With all that being said, 8,800 fans is pretty pathetic, especially after bay-area fans lobbied long and hard for a Major League team. The Rays aren't a very good team and they don't figure to be good in the immediate future.
Either you're a baseball fan or your not! The Rays play hard and they have some great young future stars in Carl Crawford, Rocco Baldelli, Jorge Cantu, Julio Lugo and Scott Kazmir. Players in the minors like Delmon Young, B.J. Upton, Wade Townsend and Jeff Neimann will soon be up in the big-league club as well.
Most die-hard Rays fans (all 8,800 of them) will dance a jig if and when Naimoli steps down, but nobody knows whether or not new minority owner Stu Sternberg will operate any differently.
The Buccaneers and the Tampa Bay Lightning are proof positive that bay-area fans will support a winner. The question is, will this team be here or in Las Vegas when that finally happens?
Key Royale golf news
Joyce Reith fired a four-under-par 28 to win first place in the Key Royale Golf Club Class A division competition on Tuesday, June 21. Nancy Grimme finished three shots back with a 31, while Tootie Wagner came in third place with an even par round of 32.
Nancy Grimme had a good day in specialty events with a chip-in for birdie on hole No. 7, while also finishing the round with 14 putts, one fewer than Tootie Wagner and Joyce Reith, who finished the day with 15 putts. Wagner also added a chip-in on hole No. 1, while Diane Miller chipped in on No. 5.
Weeky horseshoe winners
Ron Pepka of Bradenton and Anna Maria's Bill Starrett won the June 25 horseshoe competition at the Anna Maria City Hall pits, while second place went to Tom Rhodes of Cortez and Barb Pavelka of Holmes Beach, who prevailed in a three-team playoff.
Pepka teamed up with Herb Ditzel of Anna Maria to win the June 22 games.
The weekly contests get under way every Wednesday and Saturday at 9 a.m. at city hall, 10005 Gulf Drive. There are no membership fees and everyone is welcome.
Join Her-icane golf challenge
The Manatee High School Her-icanes girls' soccer team is hosting a fundraising golf tournament at the Bradenton Country Club at 1 p.m. Saturday, Aug. 27. For only $100 per golfer, you can test your golf skills at Bradenton's most challenging layout in a four-person scramble.
All players who register before the Aug. 1 deadline will receive a goody bag, cart and greens fees, a post-tourney banquet and guaranteed fun throughout the day. Also on tap are a straightest-drive contest, two closest-to-the-pin contests, a putting contest and raffles for tons of prizes. The field is limited to the first 100 golfers, so don't delay.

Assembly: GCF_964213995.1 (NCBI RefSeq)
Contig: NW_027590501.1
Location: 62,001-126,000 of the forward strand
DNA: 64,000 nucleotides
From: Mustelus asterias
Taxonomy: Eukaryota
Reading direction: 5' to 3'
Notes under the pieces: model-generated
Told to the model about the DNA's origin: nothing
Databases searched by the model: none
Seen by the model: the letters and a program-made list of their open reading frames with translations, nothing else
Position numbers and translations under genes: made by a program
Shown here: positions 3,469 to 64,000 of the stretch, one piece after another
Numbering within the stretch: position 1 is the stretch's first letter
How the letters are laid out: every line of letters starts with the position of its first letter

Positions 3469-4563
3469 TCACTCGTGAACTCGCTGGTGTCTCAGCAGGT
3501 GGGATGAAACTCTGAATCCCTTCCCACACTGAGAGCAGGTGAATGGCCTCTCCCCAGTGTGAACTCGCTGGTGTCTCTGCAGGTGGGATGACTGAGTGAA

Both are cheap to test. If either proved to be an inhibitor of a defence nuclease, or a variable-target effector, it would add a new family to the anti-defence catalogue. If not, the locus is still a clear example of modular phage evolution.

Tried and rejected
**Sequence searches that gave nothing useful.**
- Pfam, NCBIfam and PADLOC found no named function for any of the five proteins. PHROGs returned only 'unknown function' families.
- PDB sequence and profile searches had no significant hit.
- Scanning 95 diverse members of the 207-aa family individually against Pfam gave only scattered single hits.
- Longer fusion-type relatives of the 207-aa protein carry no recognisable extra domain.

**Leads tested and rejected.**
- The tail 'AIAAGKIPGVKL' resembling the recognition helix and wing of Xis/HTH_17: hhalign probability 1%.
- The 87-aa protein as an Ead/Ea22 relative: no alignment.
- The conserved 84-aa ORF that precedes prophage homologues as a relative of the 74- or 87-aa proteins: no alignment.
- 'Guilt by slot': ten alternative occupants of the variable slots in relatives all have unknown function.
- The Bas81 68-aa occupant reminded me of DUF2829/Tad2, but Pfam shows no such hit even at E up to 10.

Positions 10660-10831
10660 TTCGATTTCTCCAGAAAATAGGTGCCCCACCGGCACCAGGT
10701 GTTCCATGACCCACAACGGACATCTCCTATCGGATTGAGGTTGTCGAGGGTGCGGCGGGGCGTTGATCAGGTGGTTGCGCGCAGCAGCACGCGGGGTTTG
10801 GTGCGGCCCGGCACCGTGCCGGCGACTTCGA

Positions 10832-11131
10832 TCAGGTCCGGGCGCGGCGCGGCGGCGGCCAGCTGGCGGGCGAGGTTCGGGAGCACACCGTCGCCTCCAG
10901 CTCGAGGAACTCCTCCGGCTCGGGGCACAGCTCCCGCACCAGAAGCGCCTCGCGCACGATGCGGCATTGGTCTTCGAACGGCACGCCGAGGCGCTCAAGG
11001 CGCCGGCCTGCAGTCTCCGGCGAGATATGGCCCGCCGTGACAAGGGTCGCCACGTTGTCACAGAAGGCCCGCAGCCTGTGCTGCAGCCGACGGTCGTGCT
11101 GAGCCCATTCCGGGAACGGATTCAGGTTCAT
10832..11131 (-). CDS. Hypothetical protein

The Her-icanes are also looking for sponsors for the tournament. For $800, your business can purchase the Hat Trick package, which consists of a foursome including the banquet, a tee or green sign on the course and a banner which will be displayed at all Manatee Her-icane home soccer games. A golden goal sponsorship package includes a foursome and a tee or green sign on the course for $500, or you can simply purchase a tee or green sign for the tournament for $175.
To sign up call me, Her-icane Coach Cassidy, at 807-1105.
Another chance to sign up
The Anna Maria Island Community Center will accept applications for Police Athletic League Dolphin football until July 1. The Center will more than likely field a team in the younger division, even though a couple of players might be a year older.
PAL has four age/weight divisions starting with flag football for players age 6-7 as of September 1. Flag football carries no weight restrictions. Mighty Mites must be ages 8-10 and under 125 pounds, while junior varsity is for players age 11-12 under 145 pounds. The oldest division is varsity for players age 13-14 and under 165 pounds.
For more information, call the Center's Andy Jonatzke at 778-1908.
Session 2 basketball camp
The Anna Maria Island Community Center's summer basketball camp is now accepting applications for Session 2. Players age 9-13 are encouraged to participate with a cost of $35 for members and $50 for nonmembers.
Players will receive a camp jersey and trophies will be awarded for various categories of shooting, defense, sportsmanship and most improved. Session 2 runs noon-2 p.m. Monday-Friday, July 18-29, except for the first day, which starts at 11 a.m. Registration deadline is July 8.
For more information, contact Jonatzke at 778-1908.